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Tuesday, September 29, 2009


The remainder of 2008 had one major theme....getting water to the vineyard. Ed was spending hours lugging water from the well to the vines via the 55 gallon drum method. Surry County was in its 2nd year in a row of drought conditions and getting water to help the vines survive was paramount.
The rest of his time was mowing, or doing all the little things to help the cause. There was little time for weeding, though he squeezed some time in for drilling those wire holes we now needed to hold the drip system piping.
Every trip I took had irrigation as the priority, so, recognizing it might take me twice as long to figure out how to do it, Glenn Slade made a recommendation whom I contacted to help jump start this project. Scott Wright was a retired Va.Tech guy who was an expert in irrigation systems. Though he spent most of his consulting efforts on golf courses and new developments, he took on the challenge of a vineyard. With my significant weakness in Fluid Dynamics in college, he was able to quickly calculate the size pumps I needed to pull water up hill from our source, get it through all the filter systems that we had lined up, and then shoot down the driveway over a quarter mile to get to the end of the rows, taking into consideration the pressure loss over that distance.

It was more than just a tinker toy set to assemble. We needed to pour concrete to make 2 pilings to support the first in line self-priming pump (there is a real play on words) near the creek, make our equivalent of an aqueduct to get the water up 20' or 30' of hill , get a shed built to hold all the equipment, design a manifold system for the first block and allow for all the subsequent expansions, not to mention getting it all wired up with 220v and run all the pipe.

We now recognized that we had alot of work to be done, and it wasn't going to be done overnight. Ed dedicated his time to drilling the holes and running the wire, and when that was done he stretched out the drip lines and installed all the drippers ( 1/2 gallon per hour) for each plant. This took him into the Spring of 2009. As for me, I spent all my time on the forward end. Figuring out where to put the pilings and getting them ready for the concrete, making the small design changes I wanted on the shed, which Amish Sheds out of Petersburg was able to do in a very skilled timely manner, and then after it was delivered (dropped in place on a dime I might add), I assembled the irrigation system just as Scott had designed it. With a few twists and turns, a missing part here, an additional part needed there due to extra bends in the flow or my particular required quirks, I got it finally together in mid-Winter. It was time to get an electrician in to do the first half of the wiring, which included all the hook-ups, electrical panel in the pump house, and tieing the the creek pump to the main box.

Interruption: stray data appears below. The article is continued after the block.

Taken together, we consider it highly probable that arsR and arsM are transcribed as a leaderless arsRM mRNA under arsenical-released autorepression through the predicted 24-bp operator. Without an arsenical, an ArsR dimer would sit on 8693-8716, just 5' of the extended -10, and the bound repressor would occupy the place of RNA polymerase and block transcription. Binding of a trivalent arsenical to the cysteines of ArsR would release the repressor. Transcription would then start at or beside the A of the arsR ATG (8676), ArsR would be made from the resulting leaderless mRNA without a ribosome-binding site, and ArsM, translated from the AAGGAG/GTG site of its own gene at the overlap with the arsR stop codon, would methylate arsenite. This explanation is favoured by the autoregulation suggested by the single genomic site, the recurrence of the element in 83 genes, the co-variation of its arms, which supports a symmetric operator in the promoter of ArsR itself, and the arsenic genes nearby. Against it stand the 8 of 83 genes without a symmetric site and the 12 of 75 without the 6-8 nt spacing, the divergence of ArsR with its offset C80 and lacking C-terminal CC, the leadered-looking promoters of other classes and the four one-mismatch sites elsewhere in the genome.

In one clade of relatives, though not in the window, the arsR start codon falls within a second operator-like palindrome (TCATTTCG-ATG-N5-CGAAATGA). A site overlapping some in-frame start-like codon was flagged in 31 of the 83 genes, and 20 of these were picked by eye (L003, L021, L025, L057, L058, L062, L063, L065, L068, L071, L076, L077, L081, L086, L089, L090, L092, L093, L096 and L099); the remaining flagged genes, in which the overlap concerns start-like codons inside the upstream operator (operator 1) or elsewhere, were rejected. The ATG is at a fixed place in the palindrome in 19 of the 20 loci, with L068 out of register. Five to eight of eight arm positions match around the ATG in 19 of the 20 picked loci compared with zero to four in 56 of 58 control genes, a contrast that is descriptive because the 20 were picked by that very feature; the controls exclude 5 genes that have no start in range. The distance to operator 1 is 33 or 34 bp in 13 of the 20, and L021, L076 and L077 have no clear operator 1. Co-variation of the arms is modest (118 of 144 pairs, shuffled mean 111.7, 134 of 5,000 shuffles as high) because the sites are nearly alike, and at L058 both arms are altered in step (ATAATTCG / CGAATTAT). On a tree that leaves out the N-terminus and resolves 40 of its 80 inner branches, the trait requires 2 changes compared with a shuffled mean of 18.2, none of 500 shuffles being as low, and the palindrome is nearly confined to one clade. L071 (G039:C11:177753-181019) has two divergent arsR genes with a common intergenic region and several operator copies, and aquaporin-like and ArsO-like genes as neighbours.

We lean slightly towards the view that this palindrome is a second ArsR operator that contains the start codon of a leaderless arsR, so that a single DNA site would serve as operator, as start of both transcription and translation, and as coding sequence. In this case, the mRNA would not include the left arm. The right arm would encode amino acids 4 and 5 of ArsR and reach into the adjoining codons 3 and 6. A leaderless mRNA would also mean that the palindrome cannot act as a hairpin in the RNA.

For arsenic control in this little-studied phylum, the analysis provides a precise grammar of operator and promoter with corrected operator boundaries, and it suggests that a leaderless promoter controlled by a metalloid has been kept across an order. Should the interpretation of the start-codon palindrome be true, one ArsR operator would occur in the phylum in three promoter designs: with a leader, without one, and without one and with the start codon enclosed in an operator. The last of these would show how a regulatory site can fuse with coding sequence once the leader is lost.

The 2nd half of his wiring had to be held back until we made all the trenches for the pipe. He needed a trench to bury his source line which came 89' across the driveway from the service barn. This was scheduled for April (April seems to be a popular month in a vineyard) when we hoped everything else was all wrapped up so we could dedicate our time to dropping almost a mile's worth of pipe and tieing it into the 41 drip lines that Ed had put together during the winter.

Our vines were now dormant during this winter period. It wasn't particularly cold by northern standards. We had done our inventory in late Fall to see how many vines we needed to replace that didn't make it through that first year......maybe a hundred or so.

We had decided to make 2009 a "recovery" year. We just had too much on our platter to deal with to worry about an expansion. We had to finish the irrigation system or it would have been crazy to hand water all these vines 2 years in a row. We needed to replant some of the vines. We needed to start and maintain a spray schedule. We needed to do some serious pruning to get the vines trained on the trellis. And we had to resolve the weed issue....somehow.

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